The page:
Publications Repository - Helmholtz-Zentrum Dresden-Rossendorf

2 Publications

Cosmogenic nuclides: Endless opportunities?

Merchel, S.
The Forschungszentrum Dresden-Rossendorf expands its measurement capability by another highly-sensitive analytical method: accelerator mass spectrometry (AMS). The method will be mainly used for the determination of long-lived cosmogenic radionuclides. In contrast to ordinary decay counting, AMS scientists do not wait for the disintegration of a radioactive nucleus. In fact, they determine directly the not-yet-decayed radionuclides by mass spectrometry, which is much more efficient.
There is a main advantage of using a high-energy accelerator for mass spectrometry: The background and interfering signals, resulting from molecular ions and ions with similar masses e.g. isobars, are nearly completely eliminated. Thus, AMS generally provides much lower detection limits in comparison to conventional mass spectrometry. Our AMS system offers excellent measurement capabilities also for external users. In contrary to common low-energy AMS facilities in Europe, which have mainly specialized in radiocarbon analyses (14C), the FZD-AMS is the first modern-type facility in the EU that will run at a terminal voltage of 6 MV.
The benefits from using AMS for radiation protection, nuclear safety, nuclear waste, radioecology, phytology, nutrition, toxicology, and pharmacology research are obvious and manifold: Smaller sample sizes, easier and faster sample preparation, higher sample throughput and the redundancy for radiochemistry laboratories will largely reduce costs. Lower detection limits will widen applications to shorter and longer time-scales and to sample types that could never been investigated before.
In environmental and geosciences, the determination of long-lived cosmogenic radionuclides like 10Be, 26Al, and 36Cl became more and more important within the last twenty years. Using these nuclides dating of suddenly occurring mass movements, e.g. volcanic eruptions, rock avalanches, tsunamis, meteor impacts, earth quakes and glacier movements, is possible. The so-called in-situ produced cosmogenic nuclides have proved to be valuable tools for quantifying Earth's surface processes also on longer time-scales and wider areas, e.g for the determination of basin-wide erosion rates. Additionally, glacier movements and data from ice cores containing atmospherically produced nuclides give hints for the reconstruction of historic climate changes and providing information for the validation of climate model predicting future changes.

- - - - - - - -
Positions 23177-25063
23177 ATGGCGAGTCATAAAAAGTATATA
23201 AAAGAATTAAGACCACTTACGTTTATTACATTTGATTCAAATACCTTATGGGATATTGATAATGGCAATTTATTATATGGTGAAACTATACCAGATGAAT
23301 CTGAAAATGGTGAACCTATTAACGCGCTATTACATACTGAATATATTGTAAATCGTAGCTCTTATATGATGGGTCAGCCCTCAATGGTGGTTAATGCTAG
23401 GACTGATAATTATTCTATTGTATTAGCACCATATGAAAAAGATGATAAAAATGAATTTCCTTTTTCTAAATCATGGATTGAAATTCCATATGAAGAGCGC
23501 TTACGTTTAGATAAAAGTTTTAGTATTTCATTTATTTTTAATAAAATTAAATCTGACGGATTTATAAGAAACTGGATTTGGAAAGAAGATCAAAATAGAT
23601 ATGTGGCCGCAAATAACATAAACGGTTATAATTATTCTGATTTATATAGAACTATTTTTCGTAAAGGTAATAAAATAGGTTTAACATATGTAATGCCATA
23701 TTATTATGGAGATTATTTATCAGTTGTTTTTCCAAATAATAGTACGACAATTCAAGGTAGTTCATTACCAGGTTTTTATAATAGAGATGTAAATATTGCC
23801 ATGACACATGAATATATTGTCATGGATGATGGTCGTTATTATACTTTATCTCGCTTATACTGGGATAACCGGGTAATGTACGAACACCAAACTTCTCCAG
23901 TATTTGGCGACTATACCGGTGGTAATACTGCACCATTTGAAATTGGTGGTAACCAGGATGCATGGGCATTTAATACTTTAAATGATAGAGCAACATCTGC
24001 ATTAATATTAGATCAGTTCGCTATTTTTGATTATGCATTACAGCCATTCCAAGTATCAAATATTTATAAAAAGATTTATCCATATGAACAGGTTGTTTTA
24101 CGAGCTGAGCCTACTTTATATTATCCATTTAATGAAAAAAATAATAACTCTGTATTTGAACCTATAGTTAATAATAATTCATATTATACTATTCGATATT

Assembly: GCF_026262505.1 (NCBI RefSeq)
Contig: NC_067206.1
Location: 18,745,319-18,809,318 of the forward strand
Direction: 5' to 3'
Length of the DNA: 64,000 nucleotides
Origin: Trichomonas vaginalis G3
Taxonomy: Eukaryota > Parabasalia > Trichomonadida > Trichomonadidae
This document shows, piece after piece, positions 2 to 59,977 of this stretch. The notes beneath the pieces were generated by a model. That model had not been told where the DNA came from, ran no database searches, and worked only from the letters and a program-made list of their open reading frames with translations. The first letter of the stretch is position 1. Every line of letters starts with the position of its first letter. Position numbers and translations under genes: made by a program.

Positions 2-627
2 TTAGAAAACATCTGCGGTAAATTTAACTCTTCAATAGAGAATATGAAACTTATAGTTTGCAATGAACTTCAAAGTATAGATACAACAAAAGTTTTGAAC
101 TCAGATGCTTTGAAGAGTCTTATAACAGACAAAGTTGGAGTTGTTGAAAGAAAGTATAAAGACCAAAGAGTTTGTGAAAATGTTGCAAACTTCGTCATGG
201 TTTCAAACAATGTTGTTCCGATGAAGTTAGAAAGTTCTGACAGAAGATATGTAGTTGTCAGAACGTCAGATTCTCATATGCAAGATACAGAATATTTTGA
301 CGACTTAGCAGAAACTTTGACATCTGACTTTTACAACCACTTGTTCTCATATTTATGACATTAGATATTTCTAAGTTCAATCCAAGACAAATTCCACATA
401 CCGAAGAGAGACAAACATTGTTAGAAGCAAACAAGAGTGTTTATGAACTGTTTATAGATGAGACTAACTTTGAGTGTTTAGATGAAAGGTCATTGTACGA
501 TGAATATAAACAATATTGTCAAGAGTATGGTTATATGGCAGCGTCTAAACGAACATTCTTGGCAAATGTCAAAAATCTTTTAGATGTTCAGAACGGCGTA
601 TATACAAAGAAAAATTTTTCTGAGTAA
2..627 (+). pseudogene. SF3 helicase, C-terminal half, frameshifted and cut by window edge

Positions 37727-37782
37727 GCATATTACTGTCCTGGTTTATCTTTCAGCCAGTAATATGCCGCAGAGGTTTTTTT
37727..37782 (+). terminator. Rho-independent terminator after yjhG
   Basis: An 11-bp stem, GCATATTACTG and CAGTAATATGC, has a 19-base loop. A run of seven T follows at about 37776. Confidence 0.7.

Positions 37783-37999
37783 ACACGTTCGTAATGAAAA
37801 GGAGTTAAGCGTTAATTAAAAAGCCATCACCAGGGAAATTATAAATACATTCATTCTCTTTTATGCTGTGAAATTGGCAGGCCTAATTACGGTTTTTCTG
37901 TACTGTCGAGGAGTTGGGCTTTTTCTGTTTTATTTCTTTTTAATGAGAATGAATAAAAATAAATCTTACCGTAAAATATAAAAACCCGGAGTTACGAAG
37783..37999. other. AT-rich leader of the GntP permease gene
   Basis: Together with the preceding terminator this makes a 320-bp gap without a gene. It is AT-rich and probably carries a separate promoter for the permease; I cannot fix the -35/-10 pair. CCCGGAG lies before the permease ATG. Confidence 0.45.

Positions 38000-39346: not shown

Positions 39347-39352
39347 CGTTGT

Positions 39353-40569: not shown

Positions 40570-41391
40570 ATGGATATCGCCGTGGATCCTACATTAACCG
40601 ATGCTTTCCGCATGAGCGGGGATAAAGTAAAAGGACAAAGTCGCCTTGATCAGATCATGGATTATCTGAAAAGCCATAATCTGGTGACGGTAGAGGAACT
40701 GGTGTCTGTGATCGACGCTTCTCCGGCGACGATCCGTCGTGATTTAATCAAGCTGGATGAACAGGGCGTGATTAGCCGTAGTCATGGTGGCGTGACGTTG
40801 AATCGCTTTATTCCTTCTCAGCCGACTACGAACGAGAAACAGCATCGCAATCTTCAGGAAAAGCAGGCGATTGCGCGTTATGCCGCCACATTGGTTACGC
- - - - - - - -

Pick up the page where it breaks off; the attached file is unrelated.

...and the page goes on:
Within the project CRONUS-EU the European-wide interdisciplinary network has focussed on basic data problems, that could strongly influence the quality of applications in geosciences. We have e.g. performed round-robin exercises and lowest-level measurements at different AMS facilities and cross-calibrations, searched for explanations for discrepancies in published production rates, explored new nuclide-matrix possibilities, and investigated in detail other sources of errors like scaling and nuclear reaction models.
Keywords: accelerator mass spectrometry, cosmogenic nuclides, AMS
  • Invited lecture (Conferences)
    GeoKolloquium - Geowissenschaftliches Kolloquium der Fakultät für Geowissenschaften, Geotechnik & Bergbau, TU Bergakademie Freiberg, 08.04.2009, TU Bergakademie Freiberg, Germany
  • Contribution to external collection
    in:, Freiberg: TU Bergakademie Freiberg, 2009

Publ.-Id: 12565